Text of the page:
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Roger Goodell meets with ex-players to revamp personal conduct policy

NFL commissioner Roger Goodell is shown before Super

NFL commissioner Roger Goodell is shown before Super Bowl XLVIII between the Denver Broncos and the Seattle Seahawks at MetLife Stadium on Feb. 2, 2014. Credit: Getty Images / Christian Petersen

NFL commissioner Roger Goodell announced Friday that he planned to revise the league's personal conduct policy, and he took a meaningful step in that direction by meeting with 11 former players Tuesday in New York to discuss ways to improve the plan.

Goodell and executive vice president of football operations Troy Vincent led a 31/2-hour discussion, the first of a series of meetings that will include a wide range of internal and external perspectives to help the commissioner revamp the policy. The league has been rocked by a series of domestic violence cases in recent months, with four players -- including former Ravens running back Ray Rice and Vikings running back Adrian Peterson -- currently serving suspensions.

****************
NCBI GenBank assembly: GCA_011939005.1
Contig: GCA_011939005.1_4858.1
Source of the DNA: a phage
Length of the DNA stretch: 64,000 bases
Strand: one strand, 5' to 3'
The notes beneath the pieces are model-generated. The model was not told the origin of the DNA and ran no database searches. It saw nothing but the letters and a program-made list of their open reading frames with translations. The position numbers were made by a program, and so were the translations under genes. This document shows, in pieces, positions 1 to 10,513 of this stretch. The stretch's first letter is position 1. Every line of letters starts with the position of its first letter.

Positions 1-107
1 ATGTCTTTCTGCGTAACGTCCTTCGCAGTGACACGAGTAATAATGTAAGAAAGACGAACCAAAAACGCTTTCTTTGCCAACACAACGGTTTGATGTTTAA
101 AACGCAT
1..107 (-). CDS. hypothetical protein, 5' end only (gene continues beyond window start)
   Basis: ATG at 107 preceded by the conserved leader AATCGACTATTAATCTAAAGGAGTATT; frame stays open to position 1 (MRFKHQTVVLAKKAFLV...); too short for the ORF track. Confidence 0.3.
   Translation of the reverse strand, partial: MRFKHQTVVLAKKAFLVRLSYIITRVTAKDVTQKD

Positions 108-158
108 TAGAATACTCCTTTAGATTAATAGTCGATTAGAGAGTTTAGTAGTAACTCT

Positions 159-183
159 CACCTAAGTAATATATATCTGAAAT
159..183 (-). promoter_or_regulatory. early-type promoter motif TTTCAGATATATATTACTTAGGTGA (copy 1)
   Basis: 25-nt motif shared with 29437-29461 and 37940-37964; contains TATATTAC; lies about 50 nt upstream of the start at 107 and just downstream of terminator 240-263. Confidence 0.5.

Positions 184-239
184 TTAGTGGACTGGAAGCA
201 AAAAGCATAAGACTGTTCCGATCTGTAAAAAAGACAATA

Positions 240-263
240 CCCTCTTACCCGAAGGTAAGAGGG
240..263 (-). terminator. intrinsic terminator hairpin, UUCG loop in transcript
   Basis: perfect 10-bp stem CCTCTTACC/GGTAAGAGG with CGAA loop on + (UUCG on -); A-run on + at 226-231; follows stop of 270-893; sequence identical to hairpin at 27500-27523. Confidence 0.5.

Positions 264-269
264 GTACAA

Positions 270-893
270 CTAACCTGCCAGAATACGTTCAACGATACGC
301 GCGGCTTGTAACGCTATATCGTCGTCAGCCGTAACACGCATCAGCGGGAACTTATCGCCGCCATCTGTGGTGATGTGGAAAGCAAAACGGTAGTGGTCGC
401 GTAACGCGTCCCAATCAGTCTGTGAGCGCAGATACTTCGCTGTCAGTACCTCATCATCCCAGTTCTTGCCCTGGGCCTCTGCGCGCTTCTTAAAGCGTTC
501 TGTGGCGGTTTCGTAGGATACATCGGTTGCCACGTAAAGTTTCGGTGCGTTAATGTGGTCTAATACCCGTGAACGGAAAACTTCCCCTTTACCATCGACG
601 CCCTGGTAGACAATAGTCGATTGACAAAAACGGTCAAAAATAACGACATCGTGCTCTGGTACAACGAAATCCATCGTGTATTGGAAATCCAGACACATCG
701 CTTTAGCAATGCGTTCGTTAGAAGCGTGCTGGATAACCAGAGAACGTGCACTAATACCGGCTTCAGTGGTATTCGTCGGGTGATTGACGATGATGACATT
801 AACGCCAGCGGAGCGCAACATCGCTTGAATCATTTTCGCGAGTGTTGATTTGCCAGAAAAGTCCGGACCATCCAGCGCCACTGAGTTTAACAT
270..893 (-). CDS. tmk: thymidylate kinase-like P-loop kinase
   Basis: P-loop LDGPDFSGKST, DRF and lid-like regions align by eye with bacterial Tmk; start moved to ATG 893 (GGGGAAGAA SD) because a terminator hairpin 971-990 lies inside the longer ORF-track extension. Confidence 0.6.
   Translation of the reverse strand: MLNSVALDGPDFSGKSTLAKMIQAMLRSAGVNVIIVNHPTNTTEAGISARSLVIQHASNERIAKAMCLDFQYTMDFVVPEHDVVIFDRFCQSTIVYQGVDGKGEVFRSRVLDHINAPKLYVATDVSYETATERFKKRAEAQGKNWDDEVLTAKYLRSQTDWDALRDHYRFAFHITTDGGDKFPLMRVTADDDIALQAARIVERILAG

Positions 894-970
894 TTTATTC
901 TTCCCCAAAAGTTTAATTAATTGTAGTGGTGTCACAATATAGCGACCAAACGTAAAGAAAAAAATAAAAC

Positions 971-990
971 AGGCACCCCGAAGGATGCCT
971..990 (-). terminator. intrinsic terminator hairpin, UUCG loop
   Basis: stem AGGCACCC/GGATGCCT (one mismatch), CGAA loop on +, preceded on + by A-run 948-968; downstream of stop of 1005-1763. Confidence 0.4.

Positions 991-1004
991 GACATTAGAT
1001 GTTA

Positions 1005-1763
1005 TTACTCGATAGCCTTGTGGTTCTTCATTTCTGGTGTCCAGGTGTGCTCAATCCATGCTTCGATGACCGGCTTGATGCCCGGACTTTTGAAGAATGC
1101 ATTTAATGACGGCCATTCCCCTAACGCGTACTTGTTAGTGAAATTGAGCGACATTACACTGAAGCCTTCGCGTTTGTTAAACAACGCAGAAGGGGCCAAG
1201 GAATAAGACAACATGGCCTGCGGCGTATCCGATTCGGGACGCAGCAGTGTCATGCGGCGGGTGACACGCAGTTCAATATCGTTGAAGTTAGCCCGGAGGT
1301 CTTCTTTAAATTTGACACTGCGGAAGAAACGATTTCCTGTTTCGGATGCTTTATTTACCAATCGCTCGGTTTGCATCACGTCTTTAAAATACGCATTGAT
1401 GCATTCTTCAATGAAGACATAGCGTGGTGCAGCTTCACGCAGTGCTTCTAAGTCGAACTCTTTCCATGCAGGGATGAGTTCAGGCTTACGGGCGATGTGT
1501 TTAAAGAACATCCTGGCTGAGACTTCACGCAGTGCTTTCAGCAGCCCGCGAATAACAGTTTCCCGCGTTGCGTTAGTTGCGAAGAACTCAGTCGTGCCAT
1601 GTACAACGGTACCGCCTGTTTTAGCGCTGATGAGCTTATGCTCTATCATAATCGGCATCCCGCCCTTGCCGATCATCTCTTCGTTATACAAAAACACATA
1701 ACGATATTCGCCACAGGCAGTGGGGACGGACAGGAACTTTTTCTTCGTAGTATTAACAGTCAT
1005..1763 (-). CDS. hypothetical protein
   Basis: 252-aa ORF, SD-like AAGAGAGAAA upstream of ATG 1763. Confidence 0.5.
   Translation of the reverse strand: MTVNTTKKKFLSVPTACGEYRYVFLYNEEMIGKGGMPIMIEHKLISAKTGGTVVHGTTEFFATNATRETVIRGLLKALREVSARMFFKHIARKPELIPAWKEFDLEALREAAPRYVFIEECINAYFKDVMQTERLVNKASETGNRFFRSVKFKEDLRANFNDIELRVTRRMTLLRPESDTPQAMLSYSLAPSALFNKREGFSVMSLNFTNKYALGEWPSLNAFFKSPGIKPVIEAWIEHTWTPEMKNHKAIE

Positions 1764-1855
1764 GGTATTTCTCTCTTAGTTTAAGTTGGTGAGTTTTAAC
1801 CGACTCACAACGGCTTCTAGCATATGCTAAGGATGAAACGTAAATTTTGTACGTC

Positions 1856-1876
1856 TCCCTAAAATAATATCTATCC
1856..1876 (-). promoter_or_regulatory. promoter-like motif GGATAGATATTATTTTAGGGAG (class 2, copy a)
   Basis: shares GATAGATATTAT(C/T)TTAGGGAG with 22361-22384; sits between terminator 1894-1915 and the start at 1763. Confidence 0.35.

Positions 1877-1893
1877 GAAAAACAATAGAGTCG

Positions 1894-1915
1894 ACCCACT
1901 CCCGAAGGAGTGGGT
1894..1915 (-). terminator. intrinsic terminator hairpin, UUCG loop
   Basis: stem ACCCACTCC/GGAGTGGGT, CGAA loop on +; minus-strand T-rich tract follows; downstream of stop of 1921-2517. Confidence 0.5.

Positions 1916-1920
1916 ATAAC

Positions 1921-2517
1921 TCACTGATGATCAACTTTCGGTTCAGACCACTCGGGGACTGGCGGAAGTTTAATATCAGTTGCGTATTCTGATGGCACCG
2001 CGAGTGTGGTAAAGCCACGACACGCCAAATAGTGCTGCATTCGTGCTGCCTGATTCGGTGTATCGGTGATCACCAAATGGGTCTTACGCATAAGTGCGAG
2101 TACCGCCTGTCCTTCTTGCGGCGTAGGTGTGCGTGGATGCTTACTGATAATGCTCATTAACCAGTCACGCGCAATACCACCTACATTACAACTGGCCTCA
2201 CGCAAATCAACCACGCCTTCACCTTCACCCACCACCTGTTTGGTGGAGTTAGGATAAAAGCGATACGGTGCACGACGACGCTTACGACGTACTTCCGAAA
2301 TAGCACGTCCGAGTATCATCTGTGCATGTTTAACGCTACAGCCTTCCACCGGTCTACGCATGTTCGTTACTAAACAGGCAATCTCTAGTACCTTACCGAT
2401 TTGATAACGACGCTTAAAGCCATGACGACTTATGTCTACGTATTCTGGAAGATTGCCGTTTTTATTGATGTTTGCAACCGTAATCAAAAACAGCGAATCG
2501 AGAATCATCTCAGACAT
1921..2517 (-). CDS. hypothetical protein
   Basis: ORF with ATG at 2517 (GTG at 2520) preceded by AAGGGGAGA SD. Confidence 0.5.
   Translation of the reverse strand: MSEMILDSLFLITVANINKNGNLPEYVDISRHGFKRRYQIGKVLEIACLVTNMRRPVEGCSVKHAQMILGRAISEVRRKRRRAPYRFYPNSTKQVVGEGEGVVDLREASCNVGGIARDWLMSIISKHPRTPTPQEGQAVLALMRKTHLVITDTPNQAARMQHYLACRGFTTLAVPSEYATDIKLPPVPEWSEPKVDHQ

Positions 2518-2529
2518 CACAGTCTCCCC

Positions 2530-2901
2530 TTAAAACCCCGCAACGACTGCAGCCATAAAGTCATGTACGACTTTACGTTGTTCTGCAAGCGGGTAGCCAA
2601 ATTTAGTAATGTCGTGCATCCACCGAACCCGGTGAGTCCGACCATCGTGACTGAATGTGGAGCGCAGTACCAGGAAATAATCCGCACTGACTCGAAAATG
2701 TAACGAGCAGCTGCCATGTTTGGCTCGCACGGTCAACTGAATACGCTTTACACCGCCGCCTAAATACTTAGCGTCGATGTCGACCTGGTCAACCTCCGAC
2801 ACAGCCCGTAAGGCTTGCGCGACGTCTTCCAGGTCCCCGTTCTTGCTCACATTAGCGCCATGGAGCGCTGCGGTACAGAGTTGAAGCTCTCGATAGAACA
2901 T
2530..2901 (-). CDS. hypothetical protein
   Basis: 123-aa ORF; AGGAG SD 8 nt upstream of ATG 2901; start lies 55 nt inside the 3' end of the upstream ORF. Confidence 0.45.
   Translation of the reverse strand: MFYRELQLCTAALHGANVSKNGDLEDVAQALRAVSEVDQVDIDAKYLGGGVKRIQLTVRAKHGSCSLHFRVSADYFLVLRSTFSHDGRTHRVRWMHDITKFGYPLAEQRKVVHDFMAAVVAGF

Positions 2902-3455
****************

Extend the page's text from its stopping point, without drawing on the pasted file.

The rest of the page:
The former players attending the meeting were center Matt Birk, defensive end Patrick Kerney, former Jets defensive lineman Marty Lyons, defensive end/linebacker Willie McGinest, wide receiver Eddie Mason, former Giants tackle Roman Oben, former Jets running back Tony Paige, defensive end Robert Porcher, Hall of Fame linebacker Mike Singletary, defensive back Scott Turner and former Giants running back Charles Way.

"[The meeting] was about creating standards for the personal conduct policy, maybe removing some of the legal jargon so everyone is clear on it," Oben said. "Mike Singletary talked about creating a culture of excellence and what the league represents. The talent [of players] used to drive the brand, but now these kids coming up are taught that they are their own brand. But you still have to operate under the integrity of the [NFL] shield. The relationship with the players and the NFL should be considered a family."

Oben said the players did not discuss specifics of the Rice case, which is under appeal.

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